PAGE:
EL SAYED v. HILTON HOTELS CORPORATION

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United States Court of Appeals,Second Circuit.

Walid EL SAYED, Plaintiff-Appellant, v. HILTON HOTELS CORPORATION, Hilton Grand Vacation Club, Inc., The Hilton New York & Towers, Barbara Still, Defendant-Appellees.

Docket No. 10-453-cv.

Decided: December 17, 2010

Before McLAUGHLIN, POOLER, and WESLEY, Circuit Judges. Walid El Sayed, pro se, New York, NY, for Plaintiff-Appellant. Nicole Quick Saldana, Jackson Lewis LLP, New York, NY, for Defendant-Appellees.

Appellant Walid El Sayed, pro se, is a United States citizen of Egyptian descent, who is Muslim. He was hired by Defendant-Appellees as an Assistant to the Director of Housekeeping in December 2004, and was terminated on August 9, 2006, approximately three weeks after he complained to the Hilton's Housekeeping Director, Barbara Still, that a co-worker referred to him as a “Terrorist Muslim Taliban.”

Defendant-Appellees stated that the determination to discharge El Sayed was not based on his complaint about the co-worker's comment but rather was based upon the fact that El Sayed had omitted certain prior employment history from his application to work at the Hilton, a misrepresentation that constituted grounds for dismissal under the Hilton's employment policies. Defendant-Appellees further stated that this omission was discovered in August 2006 during a telephone conversation with a former Hilton employee. Defendant-Appellees confronted El Sayed with the omission, to which he admitted, and later that month, he was discharged.

By demonstrating temporal proximity between his complaint and his discharge, El Sayed arguably established a prima facie case of retaliation under Title VII. However, under the three-step burden-shifting framework set forth by McDonnell Douglas Corp. v. Green, 411 U.S. 792 (1973), the prima facie case establishes only a rebuttable presumption of retaliation. See Stratton v. Dep't for the Aging for the City of New York, 132 F.3d 869, 879 (2d Cir.1997) (applying McDonnell Douglas to claims of discrimination and retaliation). The district court accepted Defendant-Appellees' explanation of the legitimate non-retaliatory reasons for El Sayed's discharge, see El Sayed v. Hilton Hotels Corp., No. 07 Civ. 11173, 2009 WL 5064354, at *10-11 (S.D.N.Y. Dec. 16, 2009), at which point, the burden shifted back to El Sayed to come forward with evidence establishing that it is more likely than not the employer's decision was motivated, at least in part, by an intent to retaliate against him, see Stratton, 132 F.3d at 879. Because El Sayed produced no evidence other than the temporal proximity between his complaint and his discharge, the district court held that El Sayed had not met his burden of establishing that the discharge was retaliatory and granted summary judgment for Defendant-Appellees. See El Sayed, 2009 WL 5064354, at *10.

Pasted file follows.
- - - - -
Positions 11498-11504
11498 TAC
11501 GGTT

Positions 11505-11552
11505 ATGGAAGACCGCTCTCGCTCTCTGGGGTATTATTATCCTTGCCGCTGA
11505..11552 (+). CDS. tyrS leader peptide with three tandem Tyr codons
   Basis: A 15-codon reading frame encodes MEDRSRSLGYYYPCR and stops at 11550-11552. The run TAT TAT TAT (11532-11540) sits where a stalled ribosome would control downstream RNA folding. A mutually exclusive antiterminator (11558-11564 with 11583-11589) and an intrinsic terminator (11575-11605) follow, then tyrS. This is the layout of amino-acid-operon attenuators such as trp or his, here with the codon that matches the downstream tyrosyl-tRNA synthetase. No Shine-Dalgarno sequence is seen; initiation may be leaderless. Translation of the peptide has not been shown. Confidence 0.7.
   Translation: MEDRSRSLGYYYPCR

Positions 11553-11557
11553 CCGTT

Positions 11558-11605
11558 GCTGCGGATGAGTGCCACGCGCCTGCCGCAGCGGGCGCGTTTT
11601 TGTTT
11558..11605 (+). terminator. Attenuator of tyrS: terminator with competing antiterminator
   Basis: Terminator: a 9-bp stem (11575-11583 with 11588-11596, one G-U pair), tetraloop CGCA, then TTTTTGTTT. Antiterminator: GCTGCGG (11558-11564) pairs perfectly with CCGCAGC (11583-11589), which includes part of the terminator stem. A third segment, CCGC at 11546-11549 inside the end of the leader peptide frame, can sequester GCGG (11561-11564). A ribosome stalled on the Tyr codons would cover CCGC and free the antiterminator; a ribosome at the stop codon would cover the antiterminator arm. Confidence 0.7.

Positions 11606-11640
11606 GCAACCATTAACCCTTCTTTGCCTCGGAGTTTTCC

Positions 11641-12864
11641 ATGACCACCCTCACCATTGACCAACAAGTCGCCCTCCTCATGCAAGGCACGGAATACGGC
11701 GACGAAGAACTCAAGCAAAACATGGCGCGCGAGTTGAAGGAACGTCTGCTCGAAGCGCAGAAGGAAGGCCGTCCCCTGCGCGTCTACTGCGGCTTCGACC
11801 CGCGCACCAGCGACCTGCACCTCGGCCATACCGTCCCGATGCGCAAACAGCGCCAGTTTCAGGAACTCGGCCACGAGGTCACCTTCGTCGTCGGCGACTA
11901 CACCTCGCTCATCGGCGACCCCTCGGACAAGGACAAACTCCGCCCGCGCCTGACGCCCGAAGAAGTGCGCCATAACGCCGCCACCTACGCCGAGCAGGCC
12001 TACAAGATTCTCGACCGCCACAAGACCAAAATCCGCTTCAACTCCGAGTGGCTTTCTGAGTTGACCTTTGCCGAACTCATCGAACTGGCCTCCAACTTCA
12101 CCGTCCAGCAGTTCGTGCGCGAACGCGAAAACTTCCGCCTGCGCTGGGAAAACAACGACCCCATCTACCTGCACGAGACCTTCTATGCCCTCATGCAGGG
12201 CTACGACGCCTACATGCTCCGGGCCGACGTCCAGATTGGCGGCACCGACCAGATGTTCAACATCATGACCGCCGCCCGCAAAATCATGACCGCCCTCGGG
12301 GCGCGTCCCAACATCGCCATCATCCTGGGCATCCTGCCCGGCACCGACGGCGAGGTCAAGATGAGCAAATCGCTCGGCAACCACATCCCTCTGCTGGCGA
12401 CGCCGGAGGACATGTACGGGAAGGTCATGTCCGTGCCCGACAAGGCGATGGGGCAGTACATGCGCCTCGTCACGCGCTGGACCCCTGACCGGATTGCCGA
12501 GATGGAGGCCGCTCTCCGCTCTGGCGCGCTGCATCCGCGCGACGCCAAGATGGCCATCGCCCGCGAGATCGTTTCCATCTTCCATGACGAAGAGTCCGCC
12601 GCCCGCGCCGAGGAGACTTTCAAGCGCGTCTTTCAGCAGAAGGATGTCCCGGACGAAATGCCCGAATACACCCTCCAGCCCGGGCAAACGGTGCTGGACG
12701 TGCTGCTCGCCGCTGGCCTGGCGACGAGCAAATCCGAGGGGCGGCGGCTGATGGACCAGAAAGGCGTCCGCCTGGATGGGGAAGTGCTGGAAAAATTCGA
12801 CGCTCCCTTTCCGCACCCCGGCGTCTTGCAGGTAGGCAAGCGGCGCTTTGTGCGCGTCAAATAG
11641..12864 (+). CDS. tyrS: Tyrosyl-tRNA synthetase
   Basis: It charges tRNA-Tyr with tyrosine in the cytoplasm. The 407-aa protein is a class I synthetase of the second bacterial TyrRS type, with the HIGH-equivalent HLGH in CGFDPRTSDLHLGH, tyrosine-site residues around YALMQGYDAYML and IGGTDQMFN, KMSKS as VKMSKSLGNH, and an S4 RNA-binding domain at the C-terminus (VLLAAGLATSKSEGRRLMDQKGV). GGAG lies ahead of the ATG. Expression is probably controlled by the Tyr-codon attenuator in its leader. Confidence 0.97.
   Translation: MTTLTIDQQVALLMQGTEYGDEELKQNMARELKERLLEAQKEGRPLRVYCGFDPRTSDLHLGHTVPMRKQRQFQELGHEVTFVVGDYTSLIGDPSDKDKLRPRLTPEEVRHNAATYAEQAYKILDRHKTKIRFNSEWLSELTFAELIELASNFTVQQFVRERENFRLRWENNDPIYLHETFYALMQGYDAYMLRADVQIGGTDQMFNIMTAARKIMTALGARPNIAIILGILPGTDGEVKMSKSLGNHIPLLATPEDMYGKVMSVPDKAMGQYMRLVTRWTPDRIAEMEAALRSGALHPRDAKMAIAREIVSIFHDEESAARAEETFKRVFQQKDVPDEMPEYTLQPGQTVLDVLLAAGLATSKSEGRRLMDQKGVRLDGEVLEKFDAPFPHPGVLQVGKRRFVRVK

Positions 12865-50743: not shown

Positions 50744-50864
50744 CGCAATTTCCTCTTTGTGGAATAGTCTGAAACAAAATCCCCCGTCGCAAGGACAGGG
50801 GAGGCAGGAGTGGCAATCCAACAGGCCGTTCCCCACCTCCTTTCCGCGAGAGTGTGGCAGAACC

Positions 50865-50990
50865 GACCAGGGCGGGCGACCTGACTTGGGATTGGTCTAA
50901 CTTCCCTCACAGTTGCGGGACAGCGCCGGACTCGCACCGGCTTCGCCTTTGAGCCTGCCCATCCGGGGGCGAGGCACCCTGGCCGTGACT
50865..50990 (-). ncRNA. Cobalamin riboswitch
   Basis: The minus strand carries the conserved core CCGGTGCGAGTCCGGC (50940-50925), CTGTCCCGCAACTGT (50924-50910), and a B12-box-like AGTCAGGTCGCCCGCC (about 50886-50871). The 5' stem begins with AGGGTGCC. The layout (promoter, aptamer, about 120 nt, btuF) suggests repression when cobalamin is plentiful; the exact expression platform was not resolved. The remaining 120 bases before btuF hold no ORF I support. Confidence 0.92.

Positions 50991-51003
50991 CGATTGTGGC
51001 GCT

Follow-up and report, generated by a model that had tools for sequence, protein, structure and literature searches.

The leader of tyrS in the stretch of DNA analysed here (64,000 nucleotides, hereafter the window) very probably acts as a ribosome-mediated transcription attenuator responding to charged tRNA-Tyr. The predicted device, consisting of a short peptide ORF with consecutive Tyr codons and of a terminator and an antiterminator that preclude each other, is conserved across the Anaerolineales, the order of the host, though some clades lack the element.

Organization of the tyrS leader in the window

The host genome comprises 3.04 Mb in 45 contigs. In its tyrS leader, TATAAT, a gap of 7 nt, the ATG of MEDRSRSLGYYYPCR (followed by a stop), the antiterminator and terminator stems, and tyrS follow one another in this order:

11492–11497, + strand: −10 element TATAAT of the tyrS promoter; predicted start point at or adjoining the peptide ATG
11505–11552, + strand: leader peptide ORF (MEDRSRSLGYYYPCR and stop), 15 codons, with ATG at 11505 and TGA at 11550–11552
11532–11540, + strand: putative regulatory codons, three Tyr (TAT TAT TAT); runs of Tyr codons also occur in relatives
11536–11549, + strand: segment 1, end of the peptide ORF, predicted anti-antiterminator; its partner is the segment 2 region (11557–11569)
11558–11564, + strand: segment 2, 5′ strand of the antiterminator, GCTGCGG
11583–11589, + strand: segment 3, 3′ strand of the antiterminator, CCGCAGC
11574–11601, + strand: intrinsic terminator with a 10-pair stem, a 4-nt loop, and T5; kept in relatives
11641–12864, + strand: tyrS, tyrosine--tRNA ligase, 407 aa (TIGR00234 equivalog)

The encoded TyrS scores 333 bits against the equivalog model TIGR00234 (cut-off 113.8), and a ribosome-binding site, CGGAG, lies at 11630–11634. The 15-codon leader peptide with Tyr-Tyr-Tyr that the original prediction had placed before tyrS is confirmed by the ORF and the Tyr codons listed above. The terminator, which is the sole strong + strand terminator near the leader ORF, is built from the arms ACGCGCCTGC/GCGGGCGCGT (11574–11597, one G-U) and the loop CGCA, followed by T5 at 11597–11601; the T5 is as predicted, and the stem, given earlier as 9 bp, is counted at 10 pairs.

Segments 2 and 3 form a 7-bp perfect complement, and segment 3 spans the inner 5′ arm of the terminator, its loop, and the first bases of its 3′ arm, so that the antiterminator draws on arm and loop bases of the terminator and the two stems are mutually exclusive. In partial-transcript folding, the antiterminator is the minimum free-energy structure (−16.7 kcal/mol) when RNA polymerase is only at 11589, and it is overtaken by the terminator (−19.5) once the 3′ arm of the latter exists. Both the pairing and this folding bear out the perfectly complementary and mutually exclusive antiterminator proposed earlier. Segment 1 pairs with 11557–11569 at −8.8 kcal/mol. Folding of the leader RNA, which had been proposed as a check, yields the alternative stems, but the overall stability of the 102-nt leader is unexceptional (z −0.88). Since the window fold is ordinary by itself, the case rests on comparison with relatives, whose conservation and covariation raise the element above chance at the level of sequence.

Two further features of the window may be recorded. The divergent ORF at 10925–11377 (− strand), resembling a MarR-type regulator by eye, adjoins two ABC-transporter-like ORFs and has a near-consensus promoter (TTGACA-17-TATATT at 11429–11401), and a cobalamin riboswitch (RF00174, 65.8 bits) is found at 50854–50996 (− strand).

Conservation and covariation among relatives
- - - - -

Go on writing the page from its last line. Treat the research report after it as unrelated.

We review the grant of summary judgment de novo, drawing all inferences in favor of the nonmoving party. Paneccasio v. Unisource Worldwide, Inc., 532 F.3d 101, 107 (2d Cir.2008). Summary judgment is appropriate only “if the movant shows that there is no genuine dispute as to any material fact and the movant is entitled to judgment as a matter of law.” Fed.R.Civ.P. 56(a); Wright v. Goord, 554 F.3d 255, 266 (2d Cir.2009).

The temporal proximity of events may give rise to an inference of retaliation for the purposes of establishing a prima facie case of retaliation under Title VII, but without more, such temporal proximity is insufficient to satisfy appellant's burden to bring forward some evidence of pretext. Cf. Quinn v. Green Tree Credit Corp., 159 F.3d 759, 770 (2d Cir.1998); accord Simpson v. N.Y. State Dep't of Civil Servs., 166 F. App'x 499, 502 (2d Cir.2006) (summary order). Indeed, a plaintiff must come forward with some evidence of pretext in order to raise a triable issue of fact. Cf. Quinn, 159 F.3d at 770.

In this case, Appellant produced no evidence other than temporal proximity in support of his charge that the proffered reason for his discharge was pretextual. Additionally, Appellant concedes that he omitted certain employment history from his application to work at the Hilton, and has not disputed the Hilton's assertion that this omission was grounds for termination under Hilton's employment policies. Accordingly, we hold that the district court committed no error in granting summary judgment in favor of Appellees.

We have considered Appellant's remaining arguments, and conclude that they are without merit for substantially the reasons stated by the district court.

CONCLUSION

For the foregoing reasons, we AFFIRM the order of the district court.

PER CURIAM:

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